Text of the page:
36. For those reasons, it has been demonstrated that the decision of the FtTJ did involve the making of an error on a point of law and that the decision should be set aside and remitted to the FtT in accordance with the following directions:
(1) It is directed that the appeal shall be listed for a face to face hearing on a date to be fixed before the First-tier Tribunal (Taylor House, London).
(2) An anonymity direction is made as set out at paragraph 1 of this decision.
(3) Counsel's availability should be taken account of when listing the appeal.
(4) A Bengali/Sylheti interpreter will be required.
(5) Any issues arising from the case of AM (Afghanistan) v Secretary of State for the Home Department [2017] EWCA Civ 1123 and the Joint Presidential Guidance Note No. 2 of 2010: Child, Vulnerable Adult and Sensitive Appellant ("the guidance note") and also the Practice Direction, First-tier and Upper Tribunal Child, Vulnerable Adult and Sensitive Witnesses should be set out in advance of the hearing.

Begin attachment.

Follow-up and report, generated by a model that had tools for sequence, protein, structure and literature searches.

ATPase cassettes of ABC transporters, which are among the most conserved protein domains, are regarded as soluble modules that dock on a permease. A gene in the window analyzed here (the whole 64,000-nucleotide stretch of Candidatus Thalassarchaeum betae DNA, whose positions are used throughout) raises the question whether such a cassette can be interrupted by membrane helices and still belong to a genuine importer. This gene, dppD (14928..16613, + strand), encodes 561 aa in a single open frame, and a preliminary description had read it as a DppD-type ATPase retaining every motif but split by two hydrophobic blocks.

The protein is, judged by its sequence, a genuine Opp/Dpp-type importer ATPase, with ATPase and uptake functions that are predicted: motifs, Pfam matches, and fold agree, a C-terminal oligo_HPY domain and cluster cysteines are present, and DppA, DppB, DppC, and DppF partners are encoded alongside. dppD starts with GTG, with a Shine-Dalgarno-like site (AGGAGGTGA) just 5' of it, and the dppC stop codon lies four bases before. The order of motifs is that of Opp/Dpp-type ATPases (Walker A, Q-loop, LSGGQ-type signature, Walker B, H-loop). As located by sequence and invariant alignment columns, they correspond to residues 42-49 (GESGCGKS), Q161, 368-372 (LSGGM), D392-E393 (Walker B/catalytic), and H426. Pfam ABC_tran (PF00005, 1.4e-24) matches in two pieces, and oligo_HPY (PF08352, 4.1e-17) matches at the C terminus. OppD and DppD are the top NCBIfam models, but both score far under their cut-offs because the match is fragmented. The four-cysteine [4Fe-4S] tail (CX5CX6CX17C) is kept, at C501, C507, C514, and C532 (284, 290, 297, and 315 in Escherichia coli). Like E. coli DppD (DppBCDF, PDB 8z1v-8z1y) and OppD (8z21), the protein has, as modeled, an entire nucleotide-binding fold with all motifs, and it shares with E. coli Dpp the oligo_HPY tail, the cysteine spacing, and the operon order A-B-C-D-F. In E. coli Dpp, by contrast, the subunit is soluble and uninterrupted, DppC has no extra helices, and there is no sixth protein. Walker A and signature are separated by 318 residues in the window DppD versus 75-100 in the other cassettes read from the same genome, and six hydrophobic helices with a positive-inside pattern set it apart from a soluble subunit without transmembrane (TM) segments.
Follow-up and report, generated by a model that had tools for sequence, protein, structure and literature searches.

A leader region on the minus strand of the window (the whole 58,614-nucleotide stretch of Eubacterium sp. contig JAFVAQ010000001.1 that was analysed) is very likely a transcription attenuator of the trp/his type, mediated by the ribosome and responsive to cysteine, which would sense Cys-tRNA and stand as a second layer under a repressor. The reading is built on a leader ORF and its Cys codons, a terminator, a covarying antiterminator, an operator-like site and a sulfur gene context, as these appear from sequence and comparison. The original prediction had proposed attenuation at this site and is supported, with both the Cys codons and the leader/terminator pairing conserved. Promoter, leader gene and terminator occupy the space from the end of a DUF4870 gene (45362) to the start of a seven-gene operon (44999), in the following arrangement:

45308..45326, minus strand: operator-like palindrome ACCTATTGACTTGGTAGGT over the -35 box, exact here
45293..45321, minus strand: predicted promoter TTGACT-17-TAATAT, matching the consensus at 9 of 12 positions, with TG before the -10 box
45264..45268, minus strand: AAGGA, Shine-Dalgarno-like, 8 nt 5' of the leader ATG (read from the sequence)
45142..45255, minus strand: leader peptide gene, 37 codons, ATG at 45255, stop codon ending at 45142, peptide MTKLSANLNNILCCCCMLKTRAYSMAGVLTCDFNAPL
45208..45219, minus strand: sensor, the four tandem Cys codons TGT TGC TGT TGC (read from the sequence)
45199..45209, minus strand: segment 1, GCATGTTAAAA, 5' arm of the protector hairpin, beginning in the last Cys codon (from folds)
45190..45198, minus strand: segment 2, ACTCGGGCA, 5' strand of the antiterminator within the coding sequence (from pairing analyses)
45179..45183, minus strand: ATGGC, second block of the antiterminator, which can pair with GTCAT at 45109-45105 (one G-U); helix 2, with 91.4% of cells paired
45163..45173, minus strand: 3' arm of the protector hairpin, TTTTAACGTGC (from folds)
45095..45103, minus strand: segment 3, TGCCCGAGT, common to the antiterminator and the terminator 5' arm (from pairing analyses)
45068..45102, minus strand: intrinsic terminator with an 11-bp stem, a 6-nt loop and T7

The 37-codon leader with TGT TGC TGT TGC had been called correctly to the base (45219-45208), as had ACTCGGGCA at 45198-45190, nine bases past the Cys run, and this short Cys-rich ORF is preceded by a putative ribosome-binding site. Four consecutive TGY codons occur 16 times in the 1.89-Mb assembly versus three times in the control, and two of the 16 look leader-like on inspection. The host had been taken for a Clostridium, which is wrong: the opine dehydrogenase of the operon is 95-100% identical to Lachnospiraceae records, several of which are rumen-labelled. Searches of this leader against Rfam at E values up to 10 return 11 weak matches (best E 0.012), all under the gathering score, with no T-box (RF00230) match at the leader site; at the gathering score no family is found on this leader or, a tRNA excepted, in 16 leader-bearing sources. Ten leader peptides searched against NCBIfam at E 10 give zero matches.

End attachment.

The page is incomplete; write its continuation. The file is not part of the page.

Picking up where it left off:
Notice of Decision.
The decision of the First-tier Tribunal involves the making of an error on a point of law and therefore the decision is set aside and is remitted to the First-tier Tribunal in accordance with the directions set out above.

Direction Regarding Anonymity - Rule 14 of the Tribunal Procedure (Upper Tribunal) Rules 2008
Unless and until a Tribunal or court directs otherwise, the Appellant is granted anonymity. No report of these proceedings shall directly or indirectly identify him. This direction applies both to the Appellant and to the Respondent. Failure to comply with this direction could lead to contempt of court proceedings.

Signed Upper Tribunal Judge Reeds

Dated 5 May 2021